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Dead Wake: The Last Crossing of the Lusitania

by Erik Larson

Other authors: See the other authors section.

MembersReviewsPopularityAverage ratingMentions
4,7802702,206 (4.14)320
History. Military. Nonfiction. HTML:#1 NEW YORK TIMES BESTSELLER ‚?Ę From the bestselling author and master of narrative nonfiction comes the enthralling story of the sinking of the Lusitania
‚??Both terrifying and enthralling.‚?Ě‚??Entertainment Weekly
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‚??Thrilling, dramatic and powerful.‚?Ě‚??NPR
‚??Thoroughly engrossing.‚?Ě‚??George R.R. Martin

On May 1, 1915, with WWI entering its tenth month, a luxury ocean liner as richly appointed as an English country house sailed out of New York, bound for Liverpool, carrying a record number of children and infants. The passengers were surprisingly at ease, even though Germany had declared the seas around Britain to be a war zone. For months, German U-boats had brought terror to the North Atlantic. But the Lusitania was one of the era‚??s great transatlantic ‚??Greyhounds‚?Ě‚??the fastest liner then in service‚??and her captain, William Thomas Turner, placed tremendous faith in the gentlemanly strictures of warfare that for a century had kept civilian ships safe from attack. 
Germany, however, was determined to change the rules of the game, and Walther Schwieger, the captain of Unterseeboot-20, was happy to oblige. Meanwhile, an ultra-secret British intelligence unit tracked Schwieger‚??s U-boat, but told no one. As U-20 and the Lusitania made their way toward Liverpool, an array of forces both grand and achingly small‚??hubris, a chance fog, a closely guarded secret, and more‚??all converged to produce one of the great disasters of history.
It is a story that many of us think we know but don‚??t, and Erik Larson tells it thrillingly, switching between hunter and hunted while painting a larger portrait of America at the height of the Progressive Era. Full of glamour and suspense, Dead Wake brings to life a cast of evocative characters, from famed Boston bookseller Charles Lauriat to pioneering female architect Theodate Pope to President Woodrow Wilson, a man lost to grief, dreading the widening war but also captivated by the prospect of new love.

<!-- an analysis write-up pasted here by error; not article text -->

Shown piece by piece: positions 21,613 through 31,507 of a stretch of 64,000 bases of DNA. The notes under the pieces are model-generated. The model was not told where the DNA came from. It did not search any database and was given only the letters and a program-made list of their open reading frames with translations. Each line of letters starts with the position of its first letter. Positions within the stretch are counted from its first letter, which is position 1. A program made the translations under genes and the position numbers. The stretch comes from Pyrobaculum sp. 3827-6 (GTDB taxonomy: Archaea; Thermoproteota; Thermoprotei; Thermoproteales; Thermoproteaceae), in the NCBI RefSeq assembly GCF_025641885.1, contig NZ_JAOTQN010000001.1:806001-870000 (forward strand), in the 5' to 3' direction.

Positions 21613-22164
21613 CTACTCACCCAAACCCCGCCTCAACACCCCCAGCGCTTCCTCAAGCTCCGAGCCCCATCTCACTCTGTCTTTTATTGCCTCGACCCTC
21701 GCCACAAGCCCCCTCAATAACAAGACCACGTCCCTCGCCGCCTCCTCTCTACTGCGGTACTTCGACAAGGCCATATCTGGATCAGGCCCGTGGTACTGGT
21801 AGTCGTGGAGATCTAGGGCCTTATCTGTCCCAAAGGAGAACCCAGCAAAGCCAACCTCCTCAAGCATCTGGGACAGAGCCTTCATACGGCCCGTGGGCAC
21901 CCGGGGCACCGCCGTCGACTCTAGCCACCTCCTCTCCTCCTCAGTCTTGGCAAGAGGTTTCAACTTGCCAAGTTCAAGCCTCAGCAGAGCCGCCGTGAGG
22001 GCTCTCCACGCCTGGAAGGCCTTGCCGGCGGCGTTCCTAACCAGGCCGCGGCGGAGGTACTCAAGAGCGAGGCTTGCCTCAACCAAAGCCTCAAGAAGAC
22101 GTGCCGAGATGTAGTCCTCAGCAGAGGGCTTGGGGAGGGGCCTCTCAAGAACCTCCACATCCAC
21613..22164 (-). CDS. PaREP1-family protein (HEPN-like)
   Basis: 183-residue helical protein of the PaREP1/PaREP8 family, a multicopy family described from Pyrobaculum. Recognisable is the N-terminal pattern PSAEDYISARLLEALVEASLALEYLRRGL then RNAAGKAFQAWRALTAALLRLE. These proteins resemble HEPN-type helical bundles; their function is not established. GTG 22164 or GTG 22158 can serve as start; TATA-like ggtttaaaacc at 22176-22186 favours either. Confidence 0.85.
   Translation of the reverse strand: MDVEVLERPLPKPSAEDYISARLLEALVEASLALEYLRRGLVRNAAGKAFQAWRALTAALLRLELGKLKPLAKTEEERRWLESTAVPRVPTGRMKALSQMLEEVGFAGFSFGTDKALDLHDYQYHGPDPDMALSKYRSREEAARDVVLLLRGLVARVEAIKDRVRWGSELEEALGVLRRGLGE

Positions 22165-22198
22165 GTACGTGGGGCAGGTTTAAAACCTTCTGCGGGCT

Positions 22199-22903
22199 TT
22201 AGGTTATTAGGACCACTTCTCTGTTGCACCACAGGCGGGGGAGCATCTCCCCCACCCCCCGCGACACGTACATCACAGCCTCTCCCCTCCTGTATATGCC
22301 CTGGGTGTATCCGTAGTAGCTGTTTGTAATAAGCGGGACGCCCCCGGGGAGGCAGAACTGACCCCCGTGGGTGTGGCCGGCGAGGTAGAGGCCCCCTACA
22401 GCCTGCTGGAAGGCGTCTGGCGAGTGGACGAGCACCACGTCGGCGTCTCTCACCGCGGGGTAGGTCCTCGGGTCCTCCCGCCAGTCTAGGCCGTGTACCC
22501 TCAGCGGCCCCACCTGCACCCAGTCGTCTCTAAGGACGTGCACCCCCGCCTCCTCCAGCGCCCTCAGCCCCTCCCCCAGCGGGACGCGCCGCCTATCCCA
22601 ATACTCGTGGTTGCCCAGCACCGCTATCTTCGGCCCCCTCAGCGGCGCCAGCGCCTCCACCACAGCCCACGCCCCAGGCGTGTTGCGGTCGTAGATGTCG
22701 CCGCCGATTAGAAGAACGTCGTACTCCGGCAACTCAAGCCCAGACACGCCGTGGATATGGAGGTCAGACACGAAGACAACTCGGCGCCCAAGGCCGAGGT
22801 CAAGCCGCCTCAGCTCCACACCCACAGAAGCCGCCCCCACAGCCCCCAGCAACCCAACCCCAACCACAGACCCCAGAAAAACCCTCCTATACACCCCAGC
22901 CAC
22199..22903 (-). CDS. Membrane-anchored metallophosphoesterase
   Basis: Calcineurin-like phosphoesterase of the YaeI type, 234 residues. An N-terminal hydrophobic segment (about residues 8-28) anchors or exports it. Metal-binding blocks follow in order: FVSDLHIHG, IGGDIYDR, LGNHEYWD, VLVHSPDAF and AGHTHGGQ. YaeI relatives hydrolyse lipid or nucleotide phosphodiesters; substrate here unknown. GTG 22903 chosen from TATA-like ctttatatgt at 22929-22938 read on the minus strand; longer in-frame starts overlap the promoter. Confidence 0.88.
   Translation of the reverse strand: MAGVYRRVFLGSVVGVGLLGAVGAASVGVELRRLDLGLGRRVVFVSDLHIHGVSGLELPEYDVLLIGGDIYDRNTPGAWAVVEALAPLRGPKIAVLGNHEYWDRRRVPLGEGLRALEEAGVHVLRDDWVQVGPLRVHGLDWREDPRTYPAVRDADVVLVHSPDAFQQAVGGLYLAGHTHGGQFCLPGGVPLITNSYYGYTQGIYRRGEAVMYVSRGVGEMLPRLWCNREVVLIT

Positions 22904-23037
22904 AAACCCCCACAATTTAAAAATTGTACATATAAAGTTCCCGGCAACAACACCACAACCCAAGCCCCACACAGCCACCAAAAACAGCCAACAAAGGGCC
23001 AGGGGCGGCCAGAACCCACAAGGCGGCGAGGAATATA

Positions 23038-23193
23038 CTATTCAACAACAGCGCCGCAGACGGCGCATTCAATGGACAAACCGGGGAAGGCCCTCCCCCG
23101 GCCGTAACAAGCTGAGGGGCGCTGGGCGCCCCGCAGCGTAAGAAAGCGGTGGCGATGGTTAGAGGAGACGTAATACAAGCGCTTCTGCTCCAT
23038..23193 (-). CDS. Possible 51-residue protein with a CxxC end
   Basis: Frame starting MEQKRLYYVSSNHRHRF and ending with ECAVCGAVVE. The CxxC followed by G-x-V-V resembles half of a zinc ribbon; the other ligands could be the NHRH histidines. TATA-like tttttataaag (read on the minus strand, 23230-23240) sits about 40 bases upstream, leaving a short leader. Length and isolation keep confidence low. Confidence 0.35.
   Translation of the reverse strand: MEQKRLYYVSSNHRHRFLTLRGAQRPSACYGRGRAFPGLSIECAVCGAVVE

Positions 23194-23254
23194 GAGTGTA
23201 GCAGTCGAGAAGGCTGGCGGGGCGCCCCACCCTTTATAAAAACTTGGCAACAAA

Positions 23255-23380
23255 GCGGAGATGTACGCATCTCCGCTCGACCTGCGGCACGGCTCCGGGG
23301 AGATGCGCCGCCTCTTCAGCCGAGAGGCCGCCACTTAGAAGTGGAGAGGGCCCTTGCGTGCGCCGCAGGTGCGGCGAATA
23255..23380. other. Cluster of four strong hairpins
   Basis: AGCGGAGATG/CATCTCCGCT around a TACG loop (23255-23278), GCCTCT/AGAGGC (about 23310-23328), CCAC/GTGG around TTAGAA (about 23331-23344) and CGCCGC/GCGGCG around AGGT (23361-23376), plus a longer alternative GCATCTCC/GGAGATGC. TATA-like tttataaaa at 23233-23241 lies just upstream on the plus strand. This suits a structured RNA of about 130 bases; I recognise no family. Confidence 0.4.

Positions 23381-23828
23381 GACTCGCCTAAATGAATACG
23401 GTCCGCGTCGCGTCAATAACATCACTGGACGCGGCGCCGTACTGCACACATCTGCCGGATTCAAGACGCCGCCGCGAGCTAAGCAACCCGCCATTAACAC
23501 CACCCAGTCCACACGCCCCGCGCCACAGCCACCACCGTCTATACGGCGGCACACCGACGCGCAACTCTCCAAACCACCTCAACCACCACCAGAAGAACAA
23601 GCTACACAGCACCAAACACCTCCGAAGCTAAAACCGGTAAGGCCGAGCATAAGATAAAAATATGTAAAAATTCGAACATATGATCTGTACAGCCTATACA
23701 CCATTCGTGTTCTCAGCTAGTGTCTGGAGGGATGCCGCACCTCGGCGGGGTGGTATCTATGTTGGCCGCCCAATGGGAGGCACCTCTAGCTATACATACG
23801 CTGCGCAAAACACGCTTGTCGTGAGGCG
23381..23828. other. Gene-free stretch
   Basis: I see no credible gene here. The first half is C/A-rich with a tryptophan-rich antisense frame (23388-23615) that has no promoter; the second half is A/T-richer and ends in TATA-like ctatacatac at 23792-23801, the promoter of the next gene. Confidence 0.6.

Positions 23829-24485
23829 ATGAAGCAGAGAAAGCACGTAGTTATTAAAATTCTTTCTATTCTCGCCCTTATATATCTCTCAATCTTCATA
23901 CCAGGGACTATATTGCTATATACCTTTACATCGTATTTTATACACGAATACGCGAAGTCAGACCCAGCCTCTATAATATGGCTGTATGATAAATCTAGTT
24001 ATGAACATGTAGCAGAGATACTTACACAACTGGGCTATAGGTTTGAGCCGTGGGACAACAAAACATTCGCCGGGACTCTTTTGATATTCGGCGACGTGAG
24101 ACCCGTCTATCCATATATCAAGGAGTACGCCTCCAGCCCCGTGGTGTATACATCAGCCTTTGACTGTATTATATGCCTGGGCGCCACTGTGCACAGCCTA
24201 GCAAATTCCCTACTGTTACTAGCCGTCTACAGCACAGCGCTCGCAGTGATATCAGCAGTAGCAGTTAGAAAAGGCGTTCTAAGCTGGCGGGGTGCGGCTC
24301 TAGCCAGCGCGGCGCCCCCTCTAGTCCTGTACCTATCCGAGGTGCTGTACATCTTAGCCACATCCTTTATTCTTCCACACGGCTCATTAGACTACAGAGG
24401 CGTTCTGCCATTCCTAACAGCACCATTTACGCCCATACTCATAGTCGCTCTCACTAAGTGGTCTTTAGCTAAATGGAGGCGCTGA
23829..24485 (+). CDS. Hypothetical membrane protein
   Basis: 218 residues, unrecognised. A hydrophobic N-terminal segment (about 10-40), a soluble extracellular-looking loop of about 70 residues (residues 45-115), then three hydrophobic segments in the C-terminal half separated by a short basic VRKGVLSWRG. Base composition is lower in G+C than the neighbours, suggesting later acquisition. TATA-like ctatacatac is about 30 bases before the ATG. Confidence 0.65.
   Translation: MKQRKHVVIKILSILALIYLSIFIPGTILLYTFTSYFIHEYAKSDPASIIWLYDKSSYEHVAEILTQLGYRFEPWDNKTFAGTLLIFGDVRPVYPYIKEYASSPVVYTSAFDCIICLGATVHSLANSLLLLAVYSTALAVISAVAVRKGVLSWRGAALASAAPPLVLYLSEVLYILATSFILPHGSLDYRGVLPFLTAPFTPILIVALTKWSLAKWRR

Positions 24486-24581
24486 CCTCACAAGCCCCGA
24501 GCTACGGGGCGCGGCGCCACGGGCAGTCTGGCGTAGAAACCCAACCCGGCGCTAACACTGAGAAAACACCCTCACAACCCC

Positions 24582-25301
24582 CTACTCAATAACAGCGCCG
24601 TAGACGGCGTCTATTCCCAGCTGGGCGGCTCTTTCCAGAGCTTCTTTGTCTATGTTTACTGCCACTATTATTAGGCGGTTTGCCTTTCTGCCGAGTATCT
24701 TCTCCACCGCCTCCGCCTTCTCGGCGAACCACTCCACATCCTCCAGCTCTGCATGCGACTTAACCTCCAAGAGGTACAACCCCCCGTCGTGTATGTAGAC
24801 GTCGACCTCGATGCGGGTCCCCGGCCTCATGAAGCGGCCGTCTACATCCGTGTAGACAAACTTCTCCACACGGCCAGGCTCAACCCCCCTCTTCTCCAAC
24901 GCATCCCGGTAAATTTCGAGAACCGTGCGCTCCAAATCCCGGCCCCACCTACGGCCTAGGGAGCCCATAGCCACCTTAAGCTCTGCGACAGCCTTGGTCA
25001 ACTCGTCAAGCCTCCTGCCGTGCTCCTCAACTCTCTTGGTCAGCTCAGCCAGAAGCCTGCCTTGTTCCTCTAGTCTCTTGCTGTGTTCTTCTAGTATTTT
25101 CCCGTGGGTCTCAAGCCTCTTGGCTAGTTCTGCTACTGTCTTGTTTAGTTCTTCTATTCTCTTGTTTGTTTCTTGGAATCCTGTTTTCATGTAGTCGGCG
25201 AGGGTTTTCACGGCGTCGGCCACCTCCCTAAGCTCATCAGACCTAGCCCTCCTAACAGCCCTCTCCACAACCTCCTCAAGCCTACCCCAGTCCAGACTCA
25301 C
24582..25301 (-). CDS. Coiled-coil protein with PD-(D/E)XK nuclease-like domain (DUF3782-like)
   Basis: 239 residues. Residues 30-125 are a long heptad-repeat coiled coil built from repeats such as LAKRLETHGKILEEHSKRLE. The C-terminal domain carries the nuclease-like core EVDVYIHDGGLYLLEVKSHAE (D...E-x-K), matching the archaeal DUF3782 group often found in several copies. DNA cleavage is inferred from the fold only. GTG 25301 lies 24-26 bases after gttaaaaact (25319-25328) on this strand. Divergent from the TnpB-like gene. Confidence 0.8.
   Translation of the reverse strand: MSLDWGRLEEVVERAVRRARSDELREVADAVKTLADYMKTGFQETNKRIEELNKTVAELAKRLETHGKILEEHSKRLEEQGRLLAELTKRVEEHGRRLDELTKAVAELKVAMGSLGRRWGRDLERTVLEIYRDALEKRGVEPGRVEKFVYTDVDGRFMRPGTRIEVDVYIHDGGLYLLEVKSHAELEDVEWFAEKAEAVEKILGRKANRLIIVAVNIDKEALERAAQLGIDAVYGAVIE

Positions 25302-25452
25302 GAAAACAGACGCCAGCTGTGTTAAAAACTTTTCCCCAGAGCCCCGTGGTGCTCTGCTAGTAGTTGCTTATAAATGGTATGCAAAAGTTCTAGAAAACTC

Gripping and important, Dead Wake captures the sheer drama and emotional power of a disaster whose intimate details and true meaning have long been obscured by history.
Finalist for the Washington State Book Award ‚?Ę One of the Best Books of the Year: The Washington Post, St. Louis Post-Dispatch, Miami Herald, Li… (more)
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» See also 320 mentions

English (267)  French (1)  Spanish (1)  All languages (269)
Showing 1-5 of 267 (next | show all)
This is the story of a ship being torpedoed, but more than that it's the story of how the US got into world war one. It's not quite the gruesome tale of the Wager, but it's still a tragedy of massive loss of life that could have been avoided with more foresight and precautions. There's a lot more politics and less adventure in this than other shipwreck stories, but it's still an informative and fascinating read. ( )
  KallieGrace | Aug 21, 2023 |
Larson’s narrative style applied to the sinking of the Lusitania and how it brought America into WWI. Loved it. Always love Larson’s stuff. He’s on auto-buy for forever.
( )
  lyrrael | Aug 3, 2023 |
We've all heard about conspiracy theories where governments have deliberately mis lead their people in order to drive then into states of war. Erik Larson's Dead Wake is an excellent example of this phenomenon. The book itself is awesome but there is a paragraph on page 323 that says all that needs to be said

"Nor did the inquiry ever delve into why the Lusitania wasn't diverted to the safer North Channel route, and why no naval escort was provided. Indeed these are the great lingering question of the Lustania affair: Why, given all the information possessed by the Admiralty about U-20; given the Admiralty's past willingness to provide escorts to inbound ships or divert them away from trouble, given that the ship carried a vital cargo of rifle ammunition and artillery shells; given that Room 40's intelligence prompted the obsessive tracking and protection of the HMS Orion; given that U-20 has sunk three vessels in the Lustania's path; given Cusnard chairman Booth's panicked Friday morning visit to the navy's Queenstown office; given that the new and safer North Channel route was available; and given that passengers and crew alone had expected to be convoyed to Liverpool by the Royal Navy-- the question remains, why was the ship left on its own, with the proven killer of men and ships dead ahead in its path ?" ( )
  kevinkevbo | Jul 14, 2023 |
I really enjoyed this. Erik Larson laid out the events surrounding the Sinking of the Lusitania in a way that reads like a novel. It's informative and quite engaging. I learned all about passenger liners, The British Navy, German submarines, Woodrow Wilson, and tons of events leading up to the American involvement of WWI. I will certainly be reading more Erik Larson. His style of writing is very enjoyable, it carries a lot of tension. ( )